Will Trump Actually Make Child Care More Affordable? The Promise & Reality May Diverge

With his appointment of the known anti-Semitic, alleged white nationalist, and xenophobic Steven Bannon, along with a slew of other reportedly troubling candidates (all of whom are, of course, white men) to his personal staff, Donald Trump is showing that the trajectory of his impending presidency will mirror that of his oftentimes vitriolic campaign. Much of the country is demoralized and outright scared, struggling to identify even one point of hope or reassurance. At surface level, the fact that Trump has proposed to make child care more affordable could at least present some inkling that he cares about improving the lives of Americans who really need help, but a closer inspection of his proposed policy reveals that the promise to make child care more affordable for all families and the reality of that diverge.

When Trump first announced the plan over the summer, some aspects — such as the guarantee of six months of paid maternity leave for mothers — were at least an improvement from that this country already offers. Others — such as the omission of fathers' rights to access this perk — were roundly criticized as sexist and even regressive. But it quickly became clear that because the now-president-elect's child care plan hinges on tax deductions, it will most benefit wealthy parents like Trump's own daughter Ivanka, who helped to craft it, while largely ignoring the real needs of the middle and working classes who need a boost the most.

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Essentially, Trump's plan is to enable families making less than $500,000 per year, or individuals earning less than $250,000 annually, to write off the cost of child care. But, by definition, tax deductions favor higher earners, and don't do much to ease the oftentimes astronomical cost of child care in this country for those most burdened by it. That's because many lower-income Americans don't owe federal income taxes at all because of their low salaries or wages, chances are slim they'd deduce any real benefit from these intended new policies.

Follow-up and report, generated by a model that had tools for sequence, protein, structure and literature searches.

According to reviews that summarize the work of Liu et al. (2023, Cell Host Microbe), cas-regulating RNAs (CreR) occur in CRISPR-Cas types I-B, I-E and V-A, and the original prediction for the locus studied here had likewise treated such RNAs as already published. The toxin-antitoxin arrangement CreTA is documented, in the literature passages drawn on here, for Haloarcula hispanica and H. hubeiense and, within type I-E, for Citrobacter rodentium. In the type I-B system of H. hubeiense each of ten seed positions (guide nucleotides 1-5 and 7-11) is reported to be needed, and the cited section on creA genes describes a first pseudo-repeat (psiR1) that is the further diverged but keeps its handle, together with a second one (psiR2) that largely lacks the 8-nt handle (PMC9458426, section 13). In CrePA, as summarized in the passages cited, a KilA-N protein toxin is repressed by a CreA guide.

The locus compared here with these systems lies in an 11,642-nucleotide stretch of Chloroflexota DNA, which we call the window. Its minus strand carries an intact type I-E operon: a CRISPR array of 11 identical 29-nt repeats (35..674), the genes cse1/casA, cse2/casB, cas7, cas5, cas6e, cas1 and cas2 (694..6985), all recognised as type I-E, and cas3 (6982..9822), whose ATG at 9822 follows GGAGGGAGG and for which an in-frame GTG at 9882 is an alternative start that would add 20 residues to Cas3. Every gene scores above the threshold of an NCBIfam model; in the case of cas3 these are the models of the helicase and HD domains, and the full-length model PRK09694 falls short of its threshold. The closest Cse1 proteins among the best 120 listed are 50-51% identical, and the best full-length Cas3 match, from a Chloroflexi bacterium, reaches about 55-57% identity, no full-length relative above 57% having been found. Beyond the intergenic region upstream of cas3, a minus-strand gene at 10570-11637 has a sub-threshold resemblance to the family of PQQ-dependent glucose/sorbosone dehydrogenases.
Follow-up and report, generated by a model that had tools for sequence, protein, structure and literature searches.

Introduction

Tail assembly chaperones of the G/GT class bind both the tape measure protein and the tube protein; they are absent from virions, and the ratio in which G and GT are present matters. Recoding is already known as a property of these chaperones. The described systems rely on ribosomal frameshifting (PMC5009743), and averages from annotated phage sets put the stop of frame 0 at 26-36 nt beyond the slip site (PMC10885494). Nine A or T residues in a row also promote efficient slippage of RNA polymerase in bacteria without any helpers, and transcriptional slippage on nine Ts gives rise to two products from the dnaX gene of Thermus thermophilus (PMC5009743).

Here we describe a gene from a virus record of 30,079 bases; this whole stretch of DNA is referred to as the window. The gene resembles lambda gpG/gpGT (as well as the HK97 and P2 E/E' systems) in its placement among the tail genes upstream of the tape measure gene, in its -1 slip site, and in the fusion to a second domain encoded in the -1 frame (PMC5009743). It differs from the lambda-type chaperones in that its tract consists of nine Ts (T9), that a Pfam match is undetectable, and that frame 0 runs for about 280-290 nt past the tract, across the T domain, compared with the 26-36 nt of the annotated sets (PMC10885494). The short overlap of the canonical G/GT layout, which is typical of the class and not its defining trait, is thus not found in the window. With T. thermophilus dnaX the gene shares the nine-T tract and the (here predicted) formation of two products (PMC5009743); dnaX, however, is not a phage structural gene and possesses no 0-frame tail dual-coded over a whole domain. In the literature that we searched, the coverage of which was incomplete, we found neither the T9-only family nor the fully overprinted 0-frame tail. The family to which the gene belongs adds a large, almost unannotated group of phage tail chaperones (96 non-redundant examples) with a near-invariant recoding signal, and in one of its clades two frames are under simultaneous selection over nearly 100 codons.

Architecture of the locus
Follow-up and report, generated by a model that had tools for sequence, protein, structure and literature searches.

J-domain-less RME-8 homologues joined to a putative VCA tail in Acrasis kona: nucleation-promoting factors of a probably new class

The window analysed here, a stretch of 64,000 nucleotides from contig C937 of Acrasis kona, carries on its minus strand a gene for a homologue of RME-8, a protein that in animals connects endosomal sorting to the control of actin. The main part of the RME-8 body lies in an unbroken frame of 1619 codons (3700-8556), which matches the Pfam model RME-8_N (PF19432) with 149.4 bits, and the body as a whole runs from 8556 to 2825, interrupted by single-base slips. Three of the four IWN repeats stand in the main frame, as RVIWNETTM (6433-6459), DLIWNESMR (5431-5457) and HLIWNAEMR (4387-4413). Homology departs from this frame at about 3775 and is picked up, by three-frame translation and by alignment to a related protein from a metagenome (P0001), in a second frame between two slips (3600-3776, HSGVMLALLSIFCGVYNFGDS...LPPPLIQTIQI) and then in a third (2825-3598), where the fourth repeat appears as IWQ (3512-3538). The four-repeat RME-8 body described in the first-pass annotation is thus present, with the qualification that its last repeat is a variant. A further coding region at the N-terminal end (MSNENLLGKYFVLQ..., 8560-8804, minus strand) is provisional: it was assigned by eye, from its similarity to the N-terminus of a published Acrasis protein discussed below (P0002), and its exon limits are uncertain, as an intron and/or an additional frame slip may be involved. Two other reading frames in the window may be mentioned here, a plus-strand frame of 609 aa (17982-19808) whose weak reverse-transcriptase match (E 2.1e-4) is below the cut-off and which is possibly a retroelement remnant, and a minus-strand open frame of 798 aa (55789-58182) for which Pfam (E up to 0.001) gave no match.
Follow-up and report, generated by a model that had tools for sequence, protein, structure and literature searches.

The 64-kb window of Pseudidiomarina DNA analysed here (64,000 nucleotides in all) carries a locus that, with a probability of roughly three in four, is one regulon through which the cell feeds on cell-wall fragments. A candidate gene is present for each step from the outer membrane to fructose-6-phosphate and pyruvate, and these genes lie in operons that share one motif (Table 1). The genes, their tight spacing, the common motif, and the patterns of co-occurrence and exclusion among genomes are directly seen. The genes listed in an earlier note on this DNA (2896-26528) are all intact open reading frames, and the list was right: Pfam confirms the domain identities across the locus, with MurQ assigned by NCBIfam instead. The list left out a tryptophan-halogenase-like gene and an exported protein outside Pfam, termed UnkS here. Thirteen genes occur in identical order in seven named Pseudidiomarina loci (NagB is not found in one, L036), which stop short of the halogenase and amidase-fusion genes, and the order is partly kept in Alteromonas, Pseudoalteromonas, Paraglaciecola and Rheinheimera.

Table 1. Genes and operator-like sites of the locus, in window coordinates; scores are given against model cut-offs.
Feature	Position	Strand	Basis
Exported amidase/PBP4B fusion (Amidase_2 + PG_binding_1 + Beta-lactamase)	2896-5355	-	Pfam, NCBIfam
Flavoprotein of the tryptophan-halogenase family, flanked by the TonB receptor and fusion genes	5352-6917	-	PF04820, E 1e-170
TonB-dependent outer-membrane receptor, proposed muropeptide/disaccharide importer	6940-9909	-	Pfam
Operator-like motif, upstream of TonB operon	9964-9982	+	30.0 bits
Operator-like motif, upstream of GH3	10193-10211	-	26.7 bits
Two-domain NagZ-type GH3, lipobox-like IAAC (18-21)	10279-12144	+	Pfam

"For folks who are in the upper earning bracket, who have a higher tax rate to begin with, and who are paying more money to have child care options like au pairs for example, those people are likely to receive large cost savings," Sarah Jane Glynn, director of women’s economic policy at the Center for American Progress, told ThinkProgress in August, when Trump first announced the plan. "Whereas a single working mom who makes around the minimum wage is going to get nothing out of this."

And perhaps equally draconian as categorically excluding fathers from participating in early child bonding experiences and from helping out after their birth or adoption, Trump's plan would also cover stay-at-home moms, meaning that they too could deduct the average cost of child care from their taxes, even if they are not actually paying for that service. And that's the equivalent of incentivizing women not to work, as University of Southern California law professor Edward J. McCaffery wrote in a CNN op-ed:

By helping out moms whether they work or not, the plan encourages women to stay at home; there's no extra break you get from working. That would seem to be the opposite effect of a good child care policy.

So, for families who are already well-off, the ones that aren't struggling, Trump's child care plan will be a nice bonus. Those who need a change, however, aren't likely to get one.